In this day and age of microsizing where we can fit transmitters to frogs, dingoes should not have to wear collars that were in fact designed for bears and large animals like cougars. Clearly these collars are cumbersome and ugly. Do we want to see wild dingoes on Fraser Island with collars around their necks?
What is wrong with culling?
Method of destruction of dingoes on FI is NOT HUMANE. It is not like taking your dog to a vet and giving it an injection of anesthetic. The dogs are trapped and given an injection of Valabarb directly into the heart. This is an excruciatingly painful death for the animal. Many times the injection misses the heart and has to be repeated.
Indiscriminately killing pups does far more damage than human habituation. DERM opinion is that feeding dingoes may increase a subordinate dingo’s chances of gaining rank within the pack. Thus natural pack structure is altered. However killing up to 4 members of a pack at a time is more harmful. Each year alpha male and female dingoes need one or two ofÂ the previous year’s pups to help them raise the next litter. Without this extra help starvation/mortality of the new pups increase.
Likewise if alpha male or female is destroyed the pups have no one to teach them how to behave. This is akin to leaving children or teenagers alone on the street to fend for themselves. The result can be; either the pups die because they don’t know how to survive and we end up losing a whole pack or else the pups grow up without social skills and cannot relate to other dingoes.
Would feeding dingoes cause an increase in population?
According to DERM, in 1998 when the FIDMS was first introduced the Island dingo population was at a saturation point of 200 animals and being sustained predominantly by human-derived food (Report to Queensland Department of Environment by ERA Environmental Services Pty Ltd Author: Dr Laurie Corbett April 1998. Strangely, despite the cull of 32 animals in 1996 (Dingoes in Queensland, Australia: Skull Dimensions and the Identity of Wild Canids. Peter F. Woodall*, Peter Pavlov and Keith L. TwyfordC 1996) and another 30-40 after the Clinton Gage tragedy, and subsequent destruction of approx 80 ‘problem’ dingoes, and despite natural attrition, DERM tells us that the dingo population is still at 200 animals, and that artificial feeding would increase this number. So far, the question still needs to be answered: how many dingoes are in fact on FI and how many dingoes can the island support. Until we know this answer, we cannot condone slow death by starvation.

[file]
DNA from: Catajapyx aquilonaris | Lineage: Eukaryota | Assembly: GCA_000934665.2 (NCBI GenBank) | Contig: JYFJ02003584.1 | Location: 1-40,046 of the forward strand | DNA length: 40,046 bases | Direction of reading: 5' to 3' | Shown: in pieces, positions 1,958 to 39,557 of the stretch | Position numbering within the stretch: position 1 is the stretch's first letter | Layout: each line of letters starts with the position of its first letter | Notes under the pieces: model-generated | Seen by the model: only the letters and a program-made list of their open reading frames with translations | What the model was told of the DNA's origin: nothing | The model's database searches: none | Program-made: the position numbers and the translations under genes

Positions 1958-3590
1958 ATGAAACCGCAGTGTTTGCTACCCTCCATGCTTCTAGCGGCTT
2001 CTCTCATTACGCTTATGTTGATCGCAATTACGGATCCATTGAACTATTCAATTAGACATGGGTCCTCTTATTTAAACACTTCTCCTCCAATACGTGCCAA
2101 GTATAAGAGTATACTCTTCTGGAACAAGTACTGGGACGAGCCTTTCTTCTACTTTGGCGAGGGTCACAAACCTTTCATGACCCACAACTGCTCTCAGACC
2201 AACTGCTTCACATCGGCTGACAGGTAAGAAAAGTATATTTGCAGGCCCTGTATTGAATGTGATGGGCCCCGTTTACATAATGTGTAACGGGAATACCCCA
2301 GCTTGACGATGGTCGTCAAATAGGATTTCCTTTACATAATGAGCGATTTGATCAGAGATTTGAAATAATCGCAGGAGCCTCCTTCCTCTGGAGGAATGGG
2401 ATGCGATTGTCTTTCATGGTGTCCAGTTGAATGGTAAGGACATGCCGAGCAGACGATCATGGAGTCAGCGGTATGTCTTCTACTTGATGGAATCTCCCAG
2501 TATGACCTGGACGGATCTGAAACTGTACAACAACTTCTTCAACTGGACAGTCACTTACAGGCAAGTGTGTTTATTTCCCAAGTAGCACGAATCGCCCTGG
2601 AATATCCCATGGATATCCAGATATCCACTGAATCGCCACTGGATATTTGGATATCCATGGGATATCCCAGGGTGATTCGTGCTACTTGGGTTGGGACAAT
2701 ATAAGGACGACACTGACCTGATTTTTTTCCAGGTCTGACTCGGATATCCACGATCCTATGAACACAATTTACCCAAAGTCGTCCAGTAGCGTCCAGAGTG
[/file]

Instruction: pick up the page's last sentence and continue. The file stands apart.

Are dingoes generally dangerous to man?
experts report: NO.
Dingoes have never been known to kill Aboriginal children.
There is an average of 3000 attacks per year in each state by domestic dogs. Dingoes are classified least aggressive dog in some states of Australia making them less dangerous than the Maltese terrier. The experts in our group comprise some of Australiaâ€™s leading canid and animal behaviorists some of whom have studied lions, orangutans and bears and have written up to 20 books an published up to a hundred papers. These people all state unequivocally that dingoes are not dangerous to man.